Categories Earnings Call Transcripts, Technology

EverQuote Inc (EVER) Q2 2022 Earnings Call Transcript

EVER Earnings Call - Final Transcript

EverQuote Inc (NASDAQ:EVER) Q2 2022 Earnings Call dated Aug. 01, 2022.

Corporate Participants:

Brinlea Johnson — Investor Relations

Jayme Mendal — Chief Executive Officer

John Wagner — Chief Financial Officer

Analysts:

Jed Kelly — Oppenheimer — Analyst

Kyle Peterson — Needham — Analyst

Michael Graham — Canaccord — Analyst

Ralph Schackart — William Blair — Analyst

Cory Carpenter — JP Morgan — Analyst

Alexander Bolton — Raymond James — Analyst

Presentation:

Operator

Good afternoon, ladies and gentlemen. Thank you for attending today’s EverQuote Q2 2022 Earnings Call. My name is Tia, and I will be your moderator for today’s call. [Operator Instructions]

I will now pass the conference over to your host, Brinlea Johnson of The Blueprint [Phonetic] Group. You may proceed.

Brinlea Johnson — Investor Relations

Thank you. Good afternoon, and welcome to EverQuote’s Second Quarter 2022 Earnings Call. We’ll be discussing the results announced in our press release issued today after the market closed. With me on the call this afternoon is Jayme Mendal, EverQuote’s Chief Executive Officer; and John Wagner, Chief Financial Officer of EverQuote.

During the call, we will make statements related to our business that may be considered forward-looking statements under federal securities laws, including statements concerning our financial guidance for the third quarter and full year 2022, our growth strategy and our plans to execute on our growth strategy, key initiatives, including our direct-to-consumer agency, our investments in the business, the growth levers we expect to drive our business, our ability to maintain existing customers and acquire new customers, our expectations regarding recovery of the auto insurance industry, our recent acquisitions, our goals for integrations and other statements regarding our plans and prospects, and the possible impact of inflation. Forward-looking statements may be identified with words and phrases such as we expect, we believe, we intend, we anticipate, we plan, may, upcoming and similar words and phrases. These statements reflect our views only as of today and should not be considered our views as of any subsequent date. We specifically disclaim our obligation to update or revise these forward-looking statements, except as required by law. Forward-looking statements are not promises or guarantees of future performance and are subject to a variety of risks and uncertainties that could cause the actual results to differ materially from our expectations. For a discussion of material risks and other important factors that could cause our actual results, please refer to those contained under the heading Risk Factors in our most recent quarterly report on Form 10-Q, which is on file with the Securities and Exchange Commission and available on the Investor Relations section of our website at investor.everquote.com and on the SEC’s website at sec.gov.

Finally, during the course of today’s call, refer to certain non-GAAP financial measures, which we believe are helpful to investors. A reconciliation of GAAP to non-GAAP measures was included in the press release we have issued after the close of market today, which is available on the Investor Relations section of our website at investors.everquote.com.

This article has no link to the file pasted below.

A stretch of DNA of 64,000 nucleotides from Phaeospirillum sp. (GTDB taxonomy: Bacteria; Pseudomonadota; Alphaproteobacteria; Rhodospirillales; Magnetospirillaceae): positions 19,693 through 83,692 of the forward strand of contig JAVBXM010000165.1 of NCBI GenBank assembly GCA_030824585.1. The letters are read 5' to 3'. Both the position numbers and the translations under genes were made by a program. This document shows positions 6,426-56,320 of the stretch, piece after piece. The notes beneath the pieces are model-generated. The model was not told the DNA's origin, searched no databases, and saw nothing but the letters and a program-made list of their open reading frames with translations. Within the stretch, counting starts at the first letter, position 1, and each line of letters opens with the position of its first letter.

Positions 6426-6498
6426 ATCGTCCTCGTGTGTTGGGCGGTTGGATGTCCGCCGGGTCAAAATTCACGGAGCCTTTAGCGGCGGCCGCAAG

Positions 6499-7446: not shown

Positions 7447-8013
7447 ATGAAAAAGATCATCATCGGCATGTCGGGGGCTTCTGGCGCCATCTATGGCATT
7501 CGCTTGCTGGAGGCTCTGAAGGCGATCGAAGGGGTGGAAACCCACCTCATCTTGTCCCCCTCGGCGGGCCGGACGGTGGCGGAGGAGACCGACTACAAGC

And with that, I’ll turn it over to you, Jayme.

Jayme Mendal — Chief Executive Officer

Thank you, Brinlea, and thank you all for joining us today. In the second quarter, we exceeded guidance expectations across our three primary financial KPIs, delivering revenue of $101.9 million, Variable Marketing Margin or VMM, of $33.1 million and adjusted EBITDA of positive $1.4 million. We attribute our success in the quarter to agile management, fueled by strong analytics as our operating teams demonstrated their ability to effectively navigate continued volatility and increased headwinds in the auto insurance industry.

On the consumer side of the marketplace, strong traffic volume growth helped offset lower carrier monetization with consumer quote requests up 28% year-on-year. Our customer acquisition teams reacted swiftly continuously adjusting ad spend and near real-time to maximize margin amidst volatile carrier demand throughout the quarter. On the provider side of our marketplace, our agent-oriented distribution channels continue to exhibit strength and resilience in Q2, even while the direct carrier channel contracted. Local agent budget caps increased year-over-year within our marketplace.

Direct-to-consumer agency or DTCA, continued to perform well, representing 13% of revenues in Q2 and exceeding our internal projections. Over the course of Q2, amidst the challenging auto carrier environment and a lock-in period for health and Medicare, we drove meaningful improvement in the unit economic profitability and cash efficiency of our DTCA operations as follows: one, we continue to improve adviser performance through continued coaching and tenuring of agents as well as tech and traffic optimization; two, we increased ancillary attach rates in health and Medicare; and three, we shifted policy mix towards higher LTV products. Meanwhile, the direct carrier channel continues to exhibit significant volatility. Throughout the quarter, carriers exited unprofitable station segments. As a result, in Q2, direct carrier channel monetization reached new trough levels below the lows last seen in Q4 of 2021. July demand from auto carriers showed continued deterioration and we are not expecting this dynamic to change meaningfully within Q3. We also expect to experience lower health demand in Q3, reflecting the seasonally slower lock-in period ahead of Q4’s open enrollment period.